Since the Alaska Airlines cabin door blow-out, federal authorities — including the FAA and the National Transportation Safety Board (NTSB) — have launched investigations and required inspections on 171 Boeing planes.

Those inspections have found that bolts and other hardware on multiple planes weren't tight enough, according to both United and Alaska Airlines. The door panel involved in the Alaska Airlines blow-out was missing four bolts.

Boeing 737 Max planes have been the objects of safety concerns for several years, including in 2018 and 2019 when many countries grounded them after Boeing 737 Max 8 planes were involved in two crashes that killed hundreds of people.

December 2021 Senate report on Boeing criticized the firm's chronic understaffing and its downplaying of concerns raised by engineers in the company.

That Senate report was based on the testimony of seven whistleblowers — including some who had previously worked at Boeing — who were concerned about its production practices. Recently, John Barnett, another whistleblower and former Boeing quality control manager, died of an apparent suicide.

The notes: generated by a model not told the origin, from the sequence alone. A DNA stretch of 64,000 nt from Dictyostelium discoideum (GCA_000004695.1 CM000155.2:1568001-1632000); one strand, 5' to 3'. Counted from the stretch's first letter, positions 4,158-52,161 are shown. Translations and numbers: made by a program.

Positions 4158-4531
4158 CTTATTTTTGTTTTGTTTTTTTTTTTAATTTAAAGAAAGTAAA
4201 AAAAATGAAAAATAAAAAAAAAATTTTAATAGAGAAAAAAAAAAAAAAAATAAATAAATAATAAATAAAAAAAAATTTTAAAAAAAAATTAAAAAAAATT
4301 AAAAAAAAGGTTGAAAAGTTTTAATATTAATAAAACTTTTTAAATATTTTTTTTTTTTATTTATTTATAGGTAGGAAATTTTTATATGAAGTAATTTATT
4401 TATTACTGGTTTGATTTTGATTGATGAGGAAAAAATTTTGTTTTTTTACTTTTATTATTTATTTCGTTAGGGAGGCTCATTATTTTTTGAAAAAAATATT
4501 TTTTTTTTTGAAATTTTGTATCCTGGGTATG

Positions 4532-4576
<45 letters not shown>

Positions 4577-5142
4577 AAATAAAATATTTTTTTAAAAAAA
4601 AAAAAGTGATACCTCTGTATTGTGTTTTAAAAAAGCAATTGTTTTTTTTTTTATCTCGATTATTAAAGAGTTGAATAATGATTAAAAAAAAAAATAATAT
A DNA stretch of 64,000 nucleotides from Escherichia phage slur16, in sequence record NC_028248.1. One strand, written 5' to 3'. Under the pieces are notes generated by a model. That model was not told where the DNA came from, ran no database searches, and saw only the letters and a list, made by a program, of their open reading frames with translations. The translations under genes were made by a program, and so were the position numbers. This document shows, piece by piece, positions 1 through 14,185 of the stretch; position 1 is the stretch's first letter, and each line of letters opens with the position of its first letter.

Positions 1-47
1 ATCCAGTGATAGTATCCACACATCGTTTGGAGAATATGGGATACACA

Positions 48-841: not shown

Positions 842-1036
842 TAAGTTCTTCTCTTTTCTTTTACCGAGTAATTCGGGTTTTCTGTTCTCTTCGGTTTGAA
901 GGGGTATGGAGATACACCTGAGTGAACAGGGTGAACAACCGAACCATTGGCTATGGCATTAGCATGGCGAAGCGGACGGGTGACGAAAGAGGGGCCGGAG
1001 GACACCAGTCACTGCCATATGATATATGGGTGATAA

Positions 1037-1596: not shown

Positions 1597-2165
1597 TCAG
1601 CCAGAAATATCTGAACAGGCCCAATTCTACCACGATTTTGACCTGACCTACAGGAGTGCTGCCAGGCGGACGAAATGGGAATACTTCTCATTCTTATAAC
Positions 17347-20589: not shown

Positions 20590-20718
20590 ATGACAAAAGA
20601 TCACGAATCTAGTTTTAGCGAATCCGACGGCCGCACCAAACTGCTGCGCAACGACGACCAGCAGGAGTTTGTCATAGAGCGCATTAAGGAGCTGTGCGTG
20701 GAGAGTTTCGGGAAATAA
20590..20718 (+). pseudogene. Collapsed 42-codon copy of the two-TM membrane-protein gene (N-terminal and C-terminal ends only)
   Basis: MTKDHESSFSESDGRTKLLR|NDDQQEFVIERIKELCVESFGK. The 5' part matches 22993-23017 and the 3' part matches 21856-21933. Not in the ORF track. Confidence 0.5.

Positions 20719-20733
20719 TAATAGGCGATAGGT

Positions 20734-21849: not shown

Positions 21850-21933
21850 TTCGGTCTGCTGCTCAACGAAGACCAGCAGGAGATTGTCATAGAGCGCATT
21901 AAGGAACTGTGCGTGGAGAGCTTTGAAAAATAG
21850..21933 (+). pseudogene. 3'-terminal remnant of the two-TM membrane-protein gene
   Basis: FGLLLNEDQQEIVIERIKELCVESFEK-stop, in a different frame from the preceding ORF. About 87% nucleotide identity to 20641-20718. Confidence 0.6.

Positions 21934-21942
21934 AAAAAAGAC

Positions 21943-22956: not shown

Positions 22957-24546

What's the underlying problem? Why has Boeing become such a shitty company when it comes to quality control?

Last month, Boeing did what most big corporations do when they have problems that turn into scandals — change the leadership team. It replaced Ed Clark, the head of its 737 Max program, with Katie Ringgold, who had previously been vice president of 737 Max deliveries, and created a new executive position for Elizabeth Lund, overseeing quality at Boeing Commercial Airplanes.